All companies use APIs to connect services and applications. If not properly secured, attackers can use them as entry points for injection, denial-of-service and hijacking attacks.
API security needs to start being addressed during the development process. To help developers understand what security features to include, ForgeRock Security Director and author Neil Madden wrote API Security in Action. He said it's important for developers to consider security when creating APIs, but there is a general lack of content around API security at the moment.
"It's the book I'd want to buy right now," Madden said. "We need to adapt our existing security knowledge to protect APIs."
Here, Madden talks about why he focused on developers, the importance of OAuth 2.0, recommendations for adding security features to older APIs and more.
Editor's note: The following interview was edited for clarity and length.
Why did you decide to focus API Security in Action on developers?
Neil Madden: My philosophy is that security is very much in the details. In application security, you can apply a lot of controls externally to the application itself, but if your developers aren't writing with security in mind, they can introduce weaknesses into any well-defended external controls. I want to reach developers and embed that knowledge of security directly for them. That's the most effective way in the long term to improve security across the industry.
Which chapter should readers pay the most attention to?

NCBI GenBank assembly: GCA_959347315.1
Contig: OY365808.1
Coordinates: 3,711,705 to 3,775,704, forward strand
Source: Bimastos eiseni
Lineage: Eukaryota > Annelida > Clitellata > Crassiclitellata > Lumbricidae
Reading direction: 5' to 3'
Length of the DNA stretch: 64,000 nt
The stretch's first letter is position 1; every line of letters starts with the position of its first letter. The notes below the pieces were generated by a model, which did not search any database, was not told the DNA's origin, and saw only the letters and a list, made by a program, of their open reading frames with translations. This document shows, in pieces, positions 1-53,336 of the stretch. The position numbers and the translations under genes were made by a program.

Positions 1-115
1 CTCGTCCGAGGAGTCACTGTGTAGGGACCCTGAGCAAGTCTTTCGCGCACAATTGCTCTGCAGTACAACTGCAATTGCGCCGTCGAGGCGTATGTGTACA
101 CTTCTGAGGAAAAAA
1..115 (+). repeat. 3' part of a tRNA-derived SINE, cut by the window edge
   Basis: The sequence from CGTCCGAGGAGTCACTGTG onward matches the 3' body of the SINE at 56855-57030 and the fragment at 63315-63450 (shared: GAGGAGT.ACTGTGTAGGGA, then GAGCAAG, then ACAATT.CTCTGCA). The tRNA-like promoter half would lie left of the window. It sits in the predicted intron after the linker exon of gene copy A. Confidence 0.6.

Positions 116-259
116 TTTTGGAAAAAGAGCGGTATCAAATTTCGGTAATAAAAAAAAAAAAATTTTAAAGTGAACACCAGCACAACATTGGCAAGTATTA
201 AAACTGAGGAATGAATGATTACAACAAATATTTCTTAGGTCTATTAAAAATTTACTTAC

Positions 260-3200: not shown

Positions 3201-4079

Madden: Chapter 7 on OAuth 2.0. I'm part of the OAuth 2.0 working group at the IETF [Internet Engineering Task Force], working on the new specifications. OAuth 2.0 is one of the most important technologies for APIs right now and maybe even the most misunderstood.
OAuth 2.0 aims to solve the problem of delegated authorization. The original example is LinkedIn contacts. The original way you got LinkedIn contacts was to give LinkedIn your email address and password. It would then log on as you and read your contacts. With OAuth 2.0, we're saying maybe you trust LinkedIn, but should all services be given similar permissions? Anyone can connect and do anything as you with your email account. With OAuth 2.0, the site gets a restricted access token that says exactly which parts of your email service can be accessed, such as read-only access to contacts.
OAuth 2.0's design flows from the idea that you as a user have access to your email, and that access is limited so you can't read somebody else's email. A lot of people try to use OAuth 2.0 as a complete replacement for all of their authorization. They end up with security vulnerabilities where they use scope [limits application access to user accounts] to control access, but that's not enough. Going back to LinkedIn, you've given it read-only access to contacts, but because you're not checking any other authorization, what you're actually giving LinkedIn is read-only access to everyone's contacts. You're no longer checking who is who and thus creating a vulnerability.
This could then introduce direct object vulnerabilities where LinkedIn is sent a URL to read messages, for example, but it can be tweaked to access someone else's account -- for example, /messages/Kyle to /messages/Neil. Then, nothing checks that Kyle shouldn't be able to access Neil's messages. This kind of vulnerability happens when people try to use scopes as a complete replacement for all permissions in their systems. In the book, I talk about the difference between scopes and permissions and how you usually want to have both.